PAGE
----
But every week on Friday, the counter clocks reset, and a song has to prove itself the best in the country all over again.
For most artists, selling songs is an important part of the revenue stream. Touring makes money, but how many albums you've sold influences how big your tour is—it's a way to measure popularity. Even if a song never charts, selling a lot of albums can help an artist get a second album promoted, as well as establish a base of fans who can support a full tour.
The number of albums sold is determined by Nielsen Soundscan, a service that monitors how many albums an artist sells both digitally and physically. According to Nielsen's site, the organization compiles data from more than 39,000 retail outlets globally every week, and then reports the findings to Billboard to use in a specially concocted ratio to pick the Top 100.
In the calculations for number one, sales only play a small role. According to Billboard, sales make up somewhere between 35-45% of the ratio that determines how well a song does on the charts. But if a single has massive sale numbers, that alone could bump it into the Top 40.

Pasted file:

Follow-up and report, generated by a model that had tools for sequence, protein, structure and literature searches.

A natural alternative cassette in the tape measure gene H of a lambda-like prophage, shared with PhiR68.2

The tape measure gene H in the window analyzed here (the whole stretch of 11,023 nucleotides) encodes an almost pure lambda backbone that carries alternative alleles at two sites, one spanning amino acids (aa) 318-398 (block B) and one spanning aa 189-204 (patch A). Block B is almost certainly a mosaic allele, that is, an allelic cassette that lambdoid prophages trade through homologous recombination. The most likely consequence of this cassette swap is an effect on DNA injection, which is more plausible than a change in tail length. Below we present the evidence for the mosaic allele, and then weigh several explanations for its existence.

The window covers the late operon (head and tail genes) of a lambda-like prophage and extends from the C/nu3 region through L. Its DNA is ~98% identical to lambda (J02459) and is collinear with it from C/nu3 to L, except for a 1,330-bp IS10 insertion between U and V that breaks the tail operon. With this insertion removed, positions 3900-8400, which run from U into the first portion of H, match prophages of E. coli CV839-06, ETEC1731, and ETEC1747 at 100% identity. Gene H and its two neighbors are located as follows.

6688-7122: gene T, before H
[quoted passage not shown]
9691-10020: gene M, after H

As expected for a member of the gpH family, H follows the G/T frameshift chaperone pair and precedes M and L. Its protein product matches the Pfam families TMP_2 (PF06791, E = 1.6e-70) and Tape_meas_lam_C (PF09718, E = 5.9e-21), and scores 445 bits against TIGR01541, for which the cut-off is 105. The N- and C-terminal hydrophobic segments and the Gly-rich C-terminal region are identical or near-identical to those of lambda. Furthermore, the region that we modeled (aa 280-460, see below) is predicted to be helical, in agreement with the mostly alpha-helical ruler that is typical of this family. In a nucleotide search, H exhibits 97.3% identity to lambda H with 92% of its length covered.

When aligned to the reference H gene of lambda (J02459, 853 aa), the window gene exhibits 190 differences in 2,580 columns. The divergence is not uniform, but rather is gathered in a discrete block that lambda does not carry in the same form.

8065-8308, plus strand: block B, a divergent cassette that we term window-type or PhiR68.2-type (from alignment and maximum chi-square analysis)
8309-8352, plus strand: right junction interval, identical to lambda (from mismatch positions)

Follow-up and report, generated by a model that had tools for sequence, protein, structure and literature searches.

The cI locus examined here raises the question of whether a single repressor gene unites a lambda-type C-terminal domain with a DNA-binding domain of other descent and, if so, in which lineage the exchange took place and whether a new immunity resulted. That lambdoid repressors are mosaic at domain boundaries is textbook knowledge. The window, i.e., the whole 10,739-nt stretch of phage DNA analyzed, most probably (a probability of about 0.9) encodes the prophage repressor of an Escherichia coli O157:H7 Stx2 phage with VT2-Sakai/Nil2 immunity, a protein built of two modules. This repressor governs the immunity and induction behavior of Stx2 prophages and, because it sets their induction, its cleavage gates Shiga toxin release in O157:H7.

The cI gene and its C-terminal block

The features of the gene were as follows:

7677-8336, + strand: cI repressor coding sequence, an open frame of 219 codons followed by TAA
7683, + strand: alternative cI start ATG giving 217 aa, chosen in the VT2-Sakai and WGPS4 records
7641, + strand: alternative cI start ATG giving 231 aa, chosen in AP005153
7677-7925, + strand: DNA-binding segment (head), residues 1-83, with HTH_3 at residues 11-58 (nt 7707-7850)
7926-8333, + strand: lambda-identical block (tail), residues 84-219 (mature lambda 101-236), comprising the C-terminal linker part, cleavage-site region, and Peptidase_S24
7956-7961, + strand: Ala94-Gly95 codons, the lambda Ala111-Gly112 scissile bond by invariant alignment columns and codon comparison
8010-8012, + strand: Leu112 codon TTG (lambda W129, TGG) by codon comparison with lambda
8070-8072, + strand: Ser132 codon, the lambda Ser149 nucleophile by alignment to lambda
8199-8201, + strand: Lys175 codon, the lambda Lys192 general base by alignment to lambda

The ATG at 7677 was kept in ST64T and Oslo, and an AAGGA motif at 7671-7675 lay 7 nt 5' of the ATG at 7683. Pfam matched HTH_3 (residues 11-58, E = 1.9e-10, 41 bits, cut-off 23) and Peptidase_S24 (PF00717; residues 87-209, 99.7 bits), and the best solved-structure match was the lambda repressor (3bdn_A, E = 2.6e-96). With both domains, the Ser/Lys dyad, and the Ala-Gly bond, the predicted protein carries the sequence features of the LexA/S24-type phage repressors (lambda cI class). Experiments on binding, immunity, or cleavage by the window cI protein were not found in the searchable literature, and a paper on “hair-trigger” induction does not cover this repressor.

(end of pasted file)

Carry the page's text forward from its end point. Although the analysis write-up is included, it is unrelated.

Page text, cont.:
Great point! Fewer and fewer people are choosing to spend money on songs. Instead, they're streaming them on their computers. Billboard and Nielsen recognized this, and took great efforts to include it in the formula.
In February 2005, Billboard began to include digital sales of albums from digital retailers like iTunes and Rhapsody. The magazine also separately tracked which songs were doing well digitally on a new chart called Hot Digital Tracks.
In 2007, the system evolved to include streaming songs from platforms like Yahoo Music and AOL Music. Since then, the charts have been brought up to date by including platforms like Spotify and Apple Music, in addition to views from YouTube—with one video play counting as a song play.
Ultimately, though, streaming only makes up a small fraction (20-30%) of the formula used to determine the ranking of songs in America.